Sell off the acquisitions

This is, in fact, exactly what RIM announced on Aug. 14: It was putting some of its recent acquisitions on the auction block to raise enough money to keep the wolves from the door until its BlackBerry 10 operating system is ready for market. Among the assets will likely be cloud content company NewBay and “other minor assets that it recently acquired,” according Reuters. (Source: Daily Tech)

Pull an Apple: Dump the PlayBook

It’s hard to imagine, but in 1996, Apple was in an even tighter death spiral than RIM is now. According to Steve Jobs, the company was 90 days from bankruptcy. What did Jobs do? He cut the number of product offerings (RIM offers 22 handsets in the U.S.), partitioned the markets into consumer and professional offerings, and dumped products, like the Newton, that weren’t selling (hello, PlayBook). (Source: The Guardian Technology Blog)

Pull a reverse Apple: Dump the OS, go with Android

Ten years later, in 2006, Jobs ditched the PowerPC processor for Intel chipsets in its PC line, allowing the company to focus more on its own software. But EarthWeb co-founder Jack Hidary says RIM should do the opposite: Forget about starting a developer ecosystem from scratch on BB10, and run its popular hardware on its own business-oriented version of Google’s Android mobile operating system. (Source: Fortune Tech)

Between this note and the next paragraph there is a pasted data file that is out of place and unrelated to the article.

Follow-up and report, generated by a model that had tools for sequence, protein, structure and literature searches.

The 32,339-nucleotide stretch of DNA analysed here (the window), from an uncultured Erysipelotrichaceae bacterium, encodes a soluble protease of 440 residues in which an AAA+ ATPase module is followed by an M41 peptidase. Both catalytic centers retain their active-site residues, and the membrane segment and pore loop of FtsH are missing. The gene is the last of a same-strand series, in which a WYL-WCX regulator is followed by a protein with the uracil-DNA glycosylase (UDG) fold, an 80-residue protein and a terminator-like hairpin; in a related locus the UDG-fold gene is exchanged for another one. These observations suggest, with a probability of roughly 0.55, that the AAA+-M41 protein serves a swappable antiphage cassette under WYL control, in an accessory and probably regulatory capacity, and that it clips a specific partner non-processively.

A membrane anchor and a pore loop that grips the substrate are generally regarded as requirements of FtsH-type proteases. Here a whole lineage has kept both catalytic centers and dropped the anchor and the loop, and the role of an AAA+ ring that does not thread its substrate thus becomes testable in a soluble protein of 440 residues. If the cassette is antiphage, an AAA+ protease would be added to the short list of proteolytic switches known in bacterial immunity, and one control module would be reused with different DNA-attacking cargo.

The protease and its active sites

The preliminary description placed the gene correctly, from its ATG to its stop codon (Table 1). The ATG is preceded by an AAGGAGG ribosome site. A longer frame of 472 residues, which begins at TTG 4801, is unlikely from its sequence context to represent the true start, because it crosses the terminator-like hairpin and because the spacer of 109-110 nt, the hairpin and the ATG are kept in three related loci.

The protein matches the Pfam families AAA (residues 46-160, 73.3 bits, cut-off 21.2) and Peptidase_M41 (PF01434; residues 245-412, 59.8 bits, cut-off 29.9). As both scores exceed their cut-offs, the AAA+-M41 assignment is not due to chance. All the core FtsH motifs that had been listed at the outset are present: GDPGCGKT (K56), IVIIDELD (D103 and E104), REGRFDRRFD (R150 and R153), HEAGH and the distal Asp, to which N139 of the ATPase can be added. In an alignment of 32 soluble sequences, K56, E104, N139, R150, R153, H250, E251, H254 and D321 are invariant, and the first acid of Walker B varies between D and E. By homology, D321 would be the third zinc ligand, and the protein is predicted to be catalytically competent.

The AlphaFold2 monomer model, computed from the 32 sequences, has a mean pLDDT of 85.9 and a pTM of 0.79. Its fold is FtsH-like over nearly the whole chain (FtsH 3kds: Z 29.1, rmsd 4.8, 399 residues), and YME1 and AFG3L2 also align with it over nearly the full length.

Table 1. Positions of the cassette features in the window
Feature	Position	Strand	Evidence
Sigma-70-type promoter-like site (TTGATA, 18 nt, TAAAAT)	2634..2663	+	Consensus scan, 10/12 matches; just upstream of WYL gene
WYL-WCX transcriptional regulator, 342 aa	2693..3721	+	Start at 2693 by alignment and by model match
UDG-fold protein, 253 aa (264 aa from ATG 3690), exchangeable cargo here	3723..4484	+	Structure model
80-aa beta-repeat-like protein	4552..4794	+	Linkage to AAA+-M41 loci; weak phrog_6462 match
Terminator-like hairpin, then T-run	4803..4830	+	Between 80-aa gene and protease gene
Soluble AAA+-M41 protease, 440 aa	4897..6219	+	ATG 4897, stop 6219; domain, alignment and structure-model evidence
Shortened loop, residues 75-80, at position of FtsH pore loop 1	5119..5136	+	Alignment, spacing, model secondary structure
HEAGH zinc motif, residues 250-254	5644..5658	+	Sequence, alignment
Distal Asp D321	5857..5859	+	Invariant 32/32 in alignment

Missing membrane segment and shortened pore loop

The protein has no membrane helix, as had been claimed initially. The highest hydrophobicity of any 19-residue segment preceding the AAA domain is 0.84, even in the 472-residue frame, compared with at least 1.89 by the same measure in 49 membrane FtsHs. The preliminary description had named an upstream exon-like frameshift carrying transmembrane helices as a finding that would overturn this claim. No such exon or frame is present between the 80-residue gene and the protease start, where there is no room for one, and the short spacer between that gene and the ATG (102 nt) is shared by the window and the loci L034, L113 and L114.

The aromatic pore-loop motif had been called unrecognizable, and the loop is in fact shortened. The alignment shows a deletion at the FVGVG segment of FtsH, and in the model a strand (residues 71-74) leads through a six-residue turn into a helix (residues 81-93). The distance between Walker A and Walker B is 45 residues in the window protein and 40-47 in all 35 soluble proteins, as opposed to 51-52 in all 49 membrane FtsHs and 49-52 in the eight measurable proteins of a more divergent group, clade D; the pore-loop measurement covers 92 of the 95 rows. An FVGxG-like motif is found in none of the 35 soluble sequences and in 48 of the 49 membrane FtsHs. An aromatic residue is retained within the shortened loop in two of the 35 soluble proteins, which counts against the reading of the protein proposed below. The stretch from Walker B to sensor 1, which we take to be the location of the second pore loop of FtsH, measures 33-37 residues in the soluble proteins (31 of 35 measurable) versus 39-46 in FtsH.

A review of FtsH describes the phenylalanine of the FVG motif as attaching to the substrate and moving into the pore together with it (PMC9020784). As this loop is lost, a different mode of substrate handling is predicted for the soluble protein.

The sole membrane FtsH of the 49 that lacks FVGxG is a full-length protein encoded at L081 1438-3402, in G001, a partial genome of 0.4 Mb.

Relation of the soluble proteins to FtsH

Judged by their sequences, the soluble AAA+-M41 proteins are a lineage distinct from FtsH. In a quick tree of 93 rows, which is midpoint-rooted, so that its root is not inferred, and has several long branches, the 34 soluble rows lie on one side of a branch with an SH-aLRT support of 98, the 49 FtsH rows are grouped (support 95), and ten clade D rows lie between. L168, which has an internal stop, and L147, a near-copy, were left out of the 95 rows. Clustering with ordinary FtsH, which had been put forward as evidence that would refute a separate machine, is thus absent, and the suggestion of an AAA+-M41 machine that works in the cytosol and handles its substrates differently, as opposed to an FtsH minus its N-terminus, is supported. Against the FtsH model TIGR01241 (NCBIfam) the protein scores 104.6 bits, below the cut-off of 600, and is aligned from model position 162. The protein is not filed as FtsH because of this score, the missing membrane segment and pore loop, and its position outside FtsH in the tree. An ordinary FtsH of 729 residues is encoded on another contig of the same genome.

No, wait, go with Windows Phone 8

Microsoft’s partnership with Nokia has led to a snappy Windows 7 phone in the Lumia. Many have mooted the idea of a similar deal with RIM. This would, again, allow the company to focus on killer hardware with an OS that’s more stable and business-oriented than Android, and a larger developer base than RIM’s. (Source: VentureBeat)

Make a super feature phone

More than a feature phone, but less than a smart phone, a super feature phone (essentially, a smart phone without the ability to add apps) could take advantage of lower-cost data plans while offering an array of powerful, integrated applications. Instead of the iPhone and Android devices, RIM would be competing with Samsung’s Bada and Marvell’s Kinoma devices (who they?). (Source: CNet News)

Back to the future

Brett Arends, in an open letter to then-new CEO Thorsten Heins, offered this piece of advice: Go back to your roots. The old BlackBerrys were tough, had batteries that lasted forever, and keyboards even the biggest thumbs could use. Instead of chasing a consumer market Apple & Co. already have sewn up, go back to the business users who built your business. (Source: Market Watch)

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